All news from Science and Technology

AB-PMJAY: Big Pharma Companies Propose Launch of Low Priced Second Brands

In the move that may bring huge relief to the patients, multinational pharmaceutical companies like Pfizer, GlaxoSmithKline Pharma and Abbott have a low-priced second-tier brand of their products which can be introduced into government's flagship  Ayushman Bharat health insurance scheme, sources said.

Urging the government to create policy provisions to allow launching of second brands for introduction to the state-run insurance scheme, the US Indian Business Council (USIBC) asked for the government for a safeguard policy mechanism that they are exempted from price referencing.

Bangladesh has Lower Investment for Education and Health Care

Bangladesh ranks 161st in the world for its investments in education and healthcare as measurements of its commitment to economic growth, according to the first-ever scientific study ranking countries for their levels of human capital. The nation placed just behind Djibouti (ranked 160th) and just ahead of Togo (162nd). The United States ranked 27th, while India placed 158th.

Soccer Heading: Women's Brains are More Affected than Men's

Women's brains are much more vulnerable than men's to injury from repeated soccer heading, according to a new study by researchers at Albert Einstein College of Medicine, part of Montefiore. The study found that regions of damaged brain tissue were five times more extensive in female soccer players than in males, suggesting that sex-specific guidelines may be warranted for preventing soccer-related head injuries. The results were published online in Radiology.

Eliminating Staphylococcus aureus: Good Bacterium in Probiotic Digestive Supplements Helps

A new study from the National Institutes of Health and its partners shows that a "good" bacterium has been found in probiotic digestive supplements to help eliminate Staphylococcus aureus, a type of bacteria that can cause serious antibiotic-resistant infections.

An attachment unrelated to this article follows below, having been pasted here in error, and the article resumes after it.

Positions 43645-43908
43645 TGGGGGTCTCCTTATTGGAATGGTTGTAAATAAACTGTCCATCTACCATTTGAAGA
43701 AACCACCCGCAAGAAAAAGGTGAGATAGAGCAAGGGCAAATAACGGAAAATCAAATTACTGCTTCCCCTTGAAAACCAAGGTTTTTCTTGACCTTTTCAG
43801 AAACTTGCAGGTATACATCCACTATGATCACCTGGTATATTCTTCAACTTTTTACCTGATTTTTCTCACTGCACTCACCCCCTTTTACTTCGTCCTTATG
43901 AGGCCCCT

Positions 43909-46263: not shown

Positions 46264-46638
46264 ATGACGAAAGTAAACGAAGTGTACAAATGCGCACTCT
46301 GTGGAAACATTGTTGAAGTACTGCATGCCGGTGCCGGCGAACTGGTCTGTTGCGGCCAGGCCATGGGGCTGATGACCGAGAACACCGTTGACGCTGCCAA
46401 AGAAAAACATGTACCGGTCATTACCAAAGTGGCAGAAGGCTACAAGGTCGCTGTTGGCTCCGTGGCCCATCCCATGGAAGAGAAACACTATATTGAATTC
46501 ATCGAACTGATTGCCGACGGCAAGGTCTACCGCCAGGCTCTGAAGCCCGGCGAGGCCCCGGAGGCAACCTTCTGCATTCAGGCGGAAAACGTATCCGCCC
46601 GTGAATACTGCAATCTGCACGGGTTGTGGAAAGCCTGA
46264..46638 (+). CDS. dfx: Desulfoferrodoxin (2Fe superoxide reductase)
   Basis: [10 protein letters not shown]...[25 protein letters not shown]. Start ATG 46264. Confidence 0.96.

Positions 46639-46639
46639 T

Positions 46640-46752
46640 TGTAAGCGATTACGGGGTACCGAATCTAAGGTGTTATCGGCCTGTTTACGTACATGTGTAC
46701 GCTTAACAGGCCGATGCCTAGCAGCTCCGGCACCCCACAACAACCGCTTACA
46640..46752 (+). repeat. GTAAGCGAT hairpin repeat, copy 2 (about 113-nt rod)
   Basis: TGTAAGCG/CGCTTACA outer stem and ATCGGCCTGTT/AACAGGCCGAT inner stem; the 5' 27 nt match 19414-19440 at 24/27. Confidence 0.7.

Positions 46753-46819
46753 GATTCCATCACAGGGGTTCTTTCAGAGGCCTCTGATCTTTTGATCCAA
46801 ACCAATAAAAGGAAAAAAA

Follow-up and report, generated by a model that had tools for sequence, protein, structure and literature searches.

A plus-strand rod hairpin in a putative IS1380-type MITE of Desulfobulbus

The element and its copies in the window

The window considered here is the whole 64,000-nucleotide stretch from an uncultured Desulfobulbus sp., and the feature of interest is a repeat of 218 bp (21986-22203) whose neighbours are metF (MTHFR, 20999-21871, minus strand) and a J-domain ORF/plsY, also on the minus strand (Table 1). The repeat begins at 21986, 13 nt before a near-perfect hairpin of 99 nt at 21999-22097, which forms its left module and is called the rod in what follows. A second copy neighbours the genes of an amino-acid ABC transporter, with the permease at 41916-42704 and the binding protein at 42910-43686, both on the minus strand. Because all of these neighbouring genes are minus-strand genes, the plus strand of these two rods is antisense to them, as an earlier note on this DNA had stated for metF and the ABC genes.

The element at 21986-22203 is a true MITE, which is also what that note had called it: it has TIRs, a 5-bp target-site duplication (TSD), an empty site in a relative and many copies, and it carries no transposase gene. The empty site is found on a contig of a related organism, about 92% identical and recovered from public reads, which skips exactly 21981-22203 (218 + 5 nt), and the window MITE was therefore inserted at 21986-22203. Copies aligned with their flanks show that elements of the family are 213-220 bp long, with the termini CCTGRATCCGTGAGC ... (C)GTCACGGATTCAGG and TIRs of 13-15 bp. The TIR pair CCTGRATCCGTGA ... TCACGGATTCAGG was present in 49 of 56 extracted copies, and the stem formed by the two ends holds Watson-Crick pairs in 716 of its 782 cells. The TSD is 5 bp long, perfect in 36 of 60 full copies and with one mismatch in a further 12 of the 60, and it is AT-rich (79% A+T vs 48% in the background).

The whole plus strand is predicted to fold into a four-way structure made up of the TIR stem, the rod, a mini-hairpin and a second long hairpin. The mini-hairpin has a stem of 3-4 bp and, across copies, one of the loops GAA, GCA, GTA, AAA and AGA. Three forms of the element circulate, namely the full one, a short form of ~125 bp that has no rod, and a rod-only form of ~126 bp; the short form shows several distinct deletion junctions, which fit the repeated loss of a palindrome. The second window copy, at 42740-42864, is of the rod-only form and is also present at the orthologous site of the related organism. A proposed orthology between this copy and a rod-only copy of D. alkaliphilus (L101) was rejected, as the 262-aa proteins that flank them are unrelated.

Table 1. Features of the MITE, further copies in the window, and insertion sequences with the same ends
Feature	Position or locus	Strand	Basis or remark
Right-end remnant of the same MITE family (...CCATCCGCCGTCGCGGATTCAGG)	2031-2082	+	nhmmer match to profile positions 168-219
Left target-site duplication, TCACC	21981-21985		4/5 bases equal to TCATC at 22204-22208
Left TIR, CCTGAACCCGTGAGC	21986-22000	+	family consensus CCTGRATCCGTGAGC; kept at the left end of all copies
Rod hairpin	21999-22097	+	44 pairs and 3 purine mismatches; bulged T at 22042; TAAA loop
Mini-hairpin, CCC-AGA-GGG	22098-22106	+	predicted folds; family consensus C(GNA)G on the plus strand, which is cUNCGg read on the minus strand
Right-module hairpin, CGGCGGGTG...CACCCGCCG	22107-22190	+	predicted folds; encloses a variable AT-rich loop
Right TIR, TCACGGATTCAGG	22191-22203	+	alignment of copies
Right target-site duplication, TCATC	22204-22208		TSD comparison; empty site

The researchers, led by scientists at NIH's National Institute of Allergy and Infectious Diseases (NIAID), unexpectedly found that  Bacillus bacteria prevented  S. aureus bacteria from growing in the gut and nose of healthy individuals. Then, using a mouse study model, they identified exactly how that happens. Researchers from Mahidol University and Rajamangala University of Technology in Thailand collaborated on the project.

Ebola Cases Doubled Since September, Findings

The rate of new Ebola cases has more than doubled since September after rebel violence in northeastern Congo caused response efforts to be briefly suspended, health officials said. In a statement, the International Rescue Committee said it was "alarmed" that there were 33 new cases between Oct. 1 and Tuesday, versus 41 cases during all of September.

Amino Acid Improve Glucose Control In Diabetes

The discovery of a previously unknown effect of the amino acid alanine on cell metabolism could lead to new drugs for short-term control of blood glucose. It appears that the amino acid activates an enzyme called AMP kinase (AMPK) that increases energy production in cells.

This results in a short-term reduction in blood glucose that does not involve insulin. The study was published in the journal Molecular Metabolism.

Perioperative Pain Management in Patients With Opioid Use Disorder

Although there has been an increasing focus on addressing opioid use disorders (OUDs) in outpatient settings, there is a dearth of research regarding perioperative pain management in people with a history of OUD. Opioid tolerance and medications used for OUD treatment present significant challenges in this setting.

Patients with OUD have been shown to have lower pain tolerance, increased sensitivity to pain, and comorbid chronic pain conditions compared [with] opioid-naive control groups” and the risk for relapse is a significant concern for those in recovery. The study was published in Anesthesia and Analgesia.

Patients Family Learn About Hospice Care

Palliative and hospice care " address the needs of the whole person, which is the foundation of Catholic health care," said Sister Carol Keehan, a Daughter of Charity, who is president and CEO of the Catholic Health Association, based in St. Louis. She made the comments in an Oct. 8 news release issued jointly by CHA and the Supportive Care Coalition in Hillsboro, Oregon, to mark World Hospice and Palliative Care Day Oct. 13.